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The Ten Commandments [DVD] 
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Epic retelling of the story of Moses (Charlton Heston), beginning with him as a baby in the bullrushes, and then moving through his time in the Egyptian court, the struggle with Pharoah (Yul Brynner) to obtain the freedom of his people, the parting of the Red Sea, the receipt of the Ten Commandments, the years of wandering in the desert, and the final arrival in the land of Canaan. Directed by Cecil B. DeMille, this was both his crowning glory and his final film.
- 3 Theatrical Trailers: 1956, 1966 and 1989
Legendary silent film director Cecil B. DeMille didn't much alter the way he made movies after sound came in, and this 1956 biblical drama is proof of that. While graced with such 1950s niceties as VistaVision and Technicolor, The Ten Commandments (DeMille had already filmed an earlier version in 1923) has an anachronistic, impassioned style that finds lead actors Charlton Heston and Yul Brynner expressively posing while hundreds of extras writhe either in the presence of God's power or from orgiastic heat. DeMille, as always, plays both sides of the fence as far as sin goes, surrounding Heston's Moses with worshipful music and heavenly special effects while also making the sexy action around the cult of the Golden Calf look like fun. You have to see The Ten Commandments to understand its peculiar resonance as an old-new movie, complete with several still-impressive effects such as the parting of the Red Sea. --Tom Keogh, Amazon.com --This text refers to an out of print or unavailable edition of this title.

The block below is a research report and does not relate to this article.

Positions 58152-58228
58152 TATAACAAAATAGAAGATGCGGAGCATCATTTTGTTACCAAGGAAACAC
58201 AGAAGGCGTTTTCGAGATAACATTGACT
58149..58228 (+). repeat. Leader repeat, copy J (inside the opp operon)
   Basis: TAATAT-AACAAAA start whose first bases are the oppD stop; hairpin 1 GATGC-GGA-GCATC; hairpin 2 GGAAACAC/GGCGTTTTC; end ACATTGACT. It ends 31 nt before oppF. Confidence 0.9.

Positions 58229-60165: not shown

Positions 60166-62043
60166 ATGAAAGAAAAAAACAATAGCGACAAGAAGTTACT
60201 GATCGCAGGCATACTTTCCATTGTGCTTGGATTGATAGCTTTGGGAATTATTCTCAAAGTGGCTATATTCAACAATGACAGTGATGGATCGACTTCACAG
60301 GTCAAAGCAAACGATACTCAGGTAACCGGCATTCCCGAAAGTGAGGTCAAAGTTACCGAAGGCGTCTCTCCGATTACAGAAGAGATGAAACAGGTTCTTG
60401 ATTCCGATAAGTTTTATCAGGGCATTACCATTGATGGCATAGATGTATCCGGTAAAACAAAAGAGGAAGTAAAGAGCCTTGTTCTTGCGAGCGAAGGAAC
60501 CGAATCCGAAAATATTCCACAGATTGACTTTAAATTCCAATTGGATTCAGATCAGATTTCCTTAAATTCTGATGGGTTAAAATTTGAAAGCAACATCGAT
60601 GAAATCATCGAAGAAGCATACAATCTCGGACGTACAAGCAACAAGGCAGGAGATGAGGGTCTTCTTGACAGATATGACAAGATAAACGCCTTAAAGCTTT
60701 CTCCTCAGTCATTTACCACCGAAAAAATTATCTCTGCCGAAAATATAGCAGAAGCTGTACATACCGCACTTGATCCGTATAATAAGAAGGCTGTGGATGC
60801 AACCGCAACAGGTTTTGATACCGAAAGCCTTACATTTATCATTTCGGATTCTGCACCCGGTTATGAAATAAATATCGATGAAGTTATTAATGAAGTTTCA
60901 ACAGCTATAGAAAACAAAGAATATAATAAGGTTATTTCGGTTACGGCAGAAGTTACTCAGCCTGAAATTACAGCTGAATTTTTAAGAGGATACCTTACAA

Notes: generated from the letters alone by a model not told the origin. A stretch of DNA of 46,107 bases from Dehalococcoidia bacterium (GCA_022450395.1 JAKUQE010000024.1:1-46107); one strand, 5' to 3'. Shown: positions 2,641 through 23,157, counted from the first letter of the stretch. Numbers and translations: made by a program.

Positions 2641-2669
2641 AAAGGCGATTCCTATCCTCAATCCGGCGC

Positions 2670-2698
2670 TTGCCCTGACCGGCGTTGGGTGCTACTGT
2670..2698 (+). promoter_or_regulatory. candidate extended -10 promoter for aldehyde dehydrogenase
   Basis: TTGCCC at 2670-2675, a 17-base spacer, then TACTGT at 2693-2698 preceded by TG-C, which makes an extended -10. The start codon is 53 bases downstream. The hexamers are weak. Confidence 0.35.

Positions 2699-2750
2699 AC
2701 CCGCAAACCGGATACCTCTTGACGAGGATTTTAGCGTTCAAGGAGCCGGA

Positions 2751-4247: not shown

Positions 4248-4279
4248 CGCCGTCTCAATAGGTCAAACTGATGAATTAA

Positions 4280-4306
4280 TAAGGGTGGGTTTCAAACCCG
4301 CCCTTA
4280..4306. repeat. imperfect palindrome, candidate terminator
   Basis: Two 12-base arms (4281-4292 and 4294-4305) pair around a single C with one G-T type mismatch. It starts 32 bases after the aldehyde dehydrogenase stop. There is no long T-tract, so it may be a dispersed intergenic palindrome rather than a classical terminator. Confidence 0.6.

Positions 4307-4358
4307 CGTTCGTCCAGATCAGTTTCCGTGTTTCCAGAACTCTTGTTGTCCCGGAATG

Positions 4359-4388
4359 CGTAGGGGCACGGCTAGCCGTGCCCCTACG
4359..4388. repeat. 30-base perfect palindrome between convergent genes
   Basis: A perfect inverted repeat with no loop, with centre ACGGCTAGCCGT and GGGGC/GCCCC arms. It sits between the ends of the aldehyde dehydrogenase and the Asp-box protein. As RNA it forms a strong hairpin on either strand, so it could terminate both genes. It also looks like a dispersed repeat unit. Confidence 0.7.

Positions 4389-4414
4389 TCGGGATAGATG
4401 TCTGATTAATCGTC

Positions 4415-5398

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Top Customer Reviews
To view the movie as intended you'd have had to visit a cinema equipped with the horizonal projectors. Most cinemas would have 35mm anamorphic prints which would crop the picture at top and bottom to give a scope aspect ratio of 2.35:1. TV of course, would crop the picture at the side to give a ratio of 1.37:1.
Paramount's Vistavision productions had a sharp, grain free look and it shows on this DVD. Ten Commandments is presented here in its correct aspect ratio with no black lines at top and bottom or at the sides.
The Ten Commandments was and is a ROADSHOW movie with an overture, intermission and exit music. In the 50s and 60s a roadshow movie often had special instructions sent to cinema projectionists on how it should be exhibited.
When the overture was playing the curtains were kept closed because there is no picture, the film has a soundtrack only at this point. When the picture appeared the curtains opened and the movie proper began. At the end of the first half the word "intermission" appeared briefly and then faded to black, the curtains closed. After about 15 minutes the second half of the movie began with the entr'acte music. Curtains were closed at this point because there is again, no picture. The curtains were opened when the picture appeared.Read more ›
According to Ron Smith, (the man at Paramount who was in charge of the restoration project), the original VistaVision negative was scanned at high resolution, giving an image basically 6000 pixels 4000 pixels, so you've got a rather large file with each and every shot, each and every frame.